New York Proposal to Combat RobocallsGovernor Cuomo announced the 17th proposal of his 2020 State of the State Agenda - a comprehensive proposal to fight incessant robocalls or nuisance calls. The legislation will require telecommunications companies to deploy technology that allows customers to block suspected robocalls. As technology improves to identify and stop these nuisance calls, or robocallers try to find new ways to circumvent these efforts, telecom companies will be required to update their blocking technology to protect their consumers. The proposal will also require providers to quickly adopt widely available technology that warns consumers about potential robocalls and scams, including those not originating from New York numbers. The proposal would also ramp up financial penalties against companies who do not comply with New York's "Do Not Call Law."
"New Yorkers pay good money for their phone service but are still being hounded by millions of robocalls every day. With this measure, we're saying to telecom companies - get off the sidelines and stop transmitting these harassing calls to your customers or we will hold you accountable," Governor Cuomo said. "Illegal robocallers will not be let off the hook either, and we are stepping up enforcement and doubling fines against anyone who violates New York's 'Do Not Call' Law."
The Regulatory Mix Today: New York Proposal to Combat Robocalls, FCC Lifeline Rules Published, FCC Increases Forfeiture Penalties
FCC Lifeline Rules Published
The Federal Communications Commission (FCC)’s order revising its Lifeline rules and seeking comment on further rule changes was published in the Federal Register. The revised rules will generally take effect January 27, 2020. However, the rule prohibiting eligible telecommunications carriers (ETCs) from paying commissions to sales representatives will take effect on February 25, 2020, and the rules requiring those representatives to register with USAC will take effect March 26, 2020. Comments on the Further Notice of Proposed Rulemaking are due January 27, 2020; reply comments are due February 25, 2020. Inteserra Briefing Service subscribers see Briefings dated 1/3/2020 and 11/22/2019.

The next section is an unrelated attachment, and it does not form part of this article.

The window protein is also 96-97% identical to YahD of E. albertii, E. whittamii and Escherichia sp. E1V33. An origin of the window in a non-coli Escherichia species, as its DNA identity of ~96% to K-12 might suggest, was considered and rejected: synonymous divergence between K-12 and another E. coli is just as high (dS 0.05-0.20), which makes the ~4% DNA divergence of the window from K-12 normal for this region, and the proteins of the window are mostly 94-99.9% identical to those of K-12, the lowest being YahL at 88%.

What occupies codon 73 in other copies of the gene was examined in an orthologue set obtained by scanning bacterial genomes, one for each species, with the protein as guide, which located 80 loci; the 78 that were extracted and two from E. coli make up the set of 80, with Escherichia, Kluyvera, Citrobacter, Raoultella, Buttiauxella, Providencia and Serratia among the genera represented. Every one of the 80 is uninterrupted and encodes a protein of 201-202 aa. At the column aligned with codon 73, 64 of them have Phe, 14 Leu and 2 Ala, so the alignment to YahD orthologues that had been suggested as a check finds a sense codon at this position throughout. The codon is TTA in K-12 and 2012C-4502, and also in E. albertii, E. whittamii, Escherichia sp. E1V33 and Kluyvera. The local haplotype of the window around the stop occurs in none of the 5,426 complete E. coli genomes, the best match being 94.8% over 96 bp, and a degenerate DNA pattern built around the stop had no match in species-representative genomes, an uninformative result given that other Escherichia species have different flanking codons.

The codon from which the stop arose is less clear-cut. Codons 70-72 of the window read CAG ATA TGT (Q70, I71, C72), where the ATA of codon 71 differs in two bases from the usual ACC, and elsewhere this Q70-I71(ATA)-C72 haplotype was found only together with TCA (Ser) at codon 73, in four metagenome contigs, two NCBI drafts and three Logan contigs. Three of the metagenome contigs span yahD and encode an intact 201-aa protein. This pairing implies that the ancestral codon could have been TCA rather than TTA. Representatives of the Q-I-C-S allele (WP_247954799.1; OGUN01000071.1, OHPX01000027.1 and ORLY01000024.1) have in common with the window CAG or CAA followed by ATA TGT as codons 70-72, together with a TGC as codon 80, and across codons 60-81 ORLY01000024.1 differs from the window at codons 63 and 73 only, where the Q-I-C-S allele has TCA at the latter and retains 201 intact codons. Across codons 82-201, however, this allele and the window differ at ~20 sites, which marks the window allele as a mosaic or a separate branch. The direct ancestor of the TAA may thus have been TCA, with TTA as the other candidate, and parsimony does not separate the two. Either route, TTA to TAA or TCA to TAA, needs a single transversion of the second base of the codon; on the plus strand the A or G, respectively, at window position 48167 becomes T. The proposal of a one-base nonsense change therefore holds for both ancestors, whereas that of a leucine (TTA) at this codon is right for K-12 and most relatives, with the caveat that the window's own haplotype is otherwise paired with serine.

FCC Increases Forfeiture Penalties
The Federal Communications Commission (FCC) announced increased monetary penalties for certain violations of the Communications Act (Act) and FCC rules. The penalty under §503(b)(2)(B) of the Act for violation of the Act or an FCC rule will increase from $201,340 per violation or each day of a continuing violation to $204,892 per violation or each day of a continuing violation. The maximum forfeiture for any single act or failure to act will increase from $2,013,399 to $2,048,915. The new levels apply to penalties assessed on and after January 15, 2020, including penalties whose associated violation predated the increase. Inteserra Briefing Service subscribers see Briefings dated 1/2/2020.
The Regulatory Mix, Inteserra’s blog of telecom related regulatory activities, is a snapshot of PUC, FCC, legislative, and occasionally court issues that our regulatory monitoring team uncovers each day. Depending on their significance, some items may be the subject of an Inteserra Briefing.